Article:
‘The Simpsons’ response to Apu shows they never understood the problem
By now, dear reader, you may have surmised that some of us are Mad Online™ about how The Simpsons addressed its largest and longest-running controversy: The character of Apu. Sunday’s episode had Lisa and Marge vaguely alluding to the Apu controversy only to shrug it off and say they might never address it – and that’s just sad.
A quick brief on Apu: Springfield’s Kwik-E-Mart owner is an Indian immigrant voiced by a white man (Hank Azaria, who’s listening to the noise) and mostly written by white writers. In 2017, comedian Hari Kondabolu made a documentary about and called The Problem With Apu which featured prominent South Asians from Hasan Minhaj to former U.S. Surgeon General Vivek Murthy describing how the character informed people’s preconceptions of them as they grew up.
And that’s what’s so hugely wrong with The Simpsons responding to the growing criticism in this way. Yes, comedy can be offensive. Yes, The Simpsons is full of stereotypes. But for so many years – too many years – Apu was one of the only South Asian characters on TV. (And whatever other characters existed, none stuck like Apu did.) There are positive fathers and husbands to offset the representation of Homer, and cops who work hard unlike Chief Wiggum. Apu didn’t have a counterexample.
Even if the writers did their research and had the best intentions (although evidence suggests that they really just didn’t care), Apu was always going to bear the burden of representing approximately one billion people. He arrived at a time when visibility alone could feel like a victory for South Asians, when many of us were actually excited to see ourselves on The Simpsons or in Indiana Jones and the Temple of Doom without considering that maybe we deserved a more accurate or nuanced portrayal.
In 2018, what the Simpsons creative team must face is the legacy of their creation; the generation of South Asian artists and children of immigrants who answered for Apu every single day. Dismissing the concerns of people who used to feel invisible is exactly the wrong thing to do (and not a good look).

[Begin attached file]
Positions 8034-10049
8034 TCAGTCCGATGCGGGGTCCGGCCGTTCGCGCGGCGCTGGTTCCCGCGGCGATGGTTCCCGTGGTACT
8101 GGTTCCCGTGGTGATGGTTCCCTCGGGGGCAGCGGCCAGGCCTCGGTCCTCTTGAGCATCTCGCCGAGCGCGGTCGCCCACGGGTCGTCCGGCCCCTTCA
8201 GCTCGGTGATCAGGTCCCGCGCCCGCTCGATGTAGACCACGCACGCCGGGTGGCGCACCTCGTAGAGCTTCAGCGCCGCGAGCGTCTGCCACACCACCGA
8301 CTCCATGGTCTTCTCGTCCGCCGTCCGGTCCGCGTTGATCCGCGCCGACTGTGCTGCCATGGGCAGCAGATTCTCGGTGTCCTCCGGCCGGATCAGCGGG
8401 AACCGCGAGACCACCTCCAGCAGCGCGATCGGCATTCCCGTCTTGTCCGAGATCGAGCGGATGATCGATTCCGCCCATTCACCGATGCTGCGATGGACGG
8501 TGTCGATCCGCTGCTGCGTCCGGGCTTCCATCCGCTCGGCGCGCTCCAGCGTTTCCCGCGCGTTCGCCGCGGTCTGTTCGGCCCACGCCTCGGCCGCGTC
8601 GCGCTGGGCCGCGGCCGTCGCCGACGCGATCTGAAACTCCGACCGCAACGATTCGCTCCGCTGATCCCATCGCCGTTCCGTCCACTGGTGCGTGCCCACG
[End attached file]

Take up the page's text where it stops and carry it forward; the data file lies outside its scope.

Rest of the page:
What stings even more is that The Simpsons has actually done good work with Apu in the past, such as an episode that turns Homer and the town around about illegal immigration or the 2016 episode which introduced his American-born nephew. The current analysis could have led to a full Apu spotlight episode – a chance for the show to give him more depth and course correct for the future, not to mention bring in South Asian writers and actors for authenticity.
More than anything, it looks like The Simpsons‘ writers did this to cause a stir, which is exactly what they’ve accomplished, and that’s disheartening. They’re saying “We hear you” and “We’re annoyed with what we hear,” and then going against their critics just to be edgy and part of the conversation.
We’re lucky now to be in a time where Apu is less damaging, because we have more complex and varied South Asian characters on TV. Maybe, as Marge suggested in the episode, “Some things will be dealt with a later date.” But it’s more than likely that, as Lisa counters, they won’t, and that this is the show’s official response which diminishes a bigger issue.
I hope at the very least that an entire generation of children doesn’t have to answer again for the show digging its heels into this caricature. The political correctness mocked in this episode is what finally got us more and better South Asian representation on TV – from New Girl to Silicon Valley and with so much in between – while The Simpsons remains static. I’ll be watching those shows instead.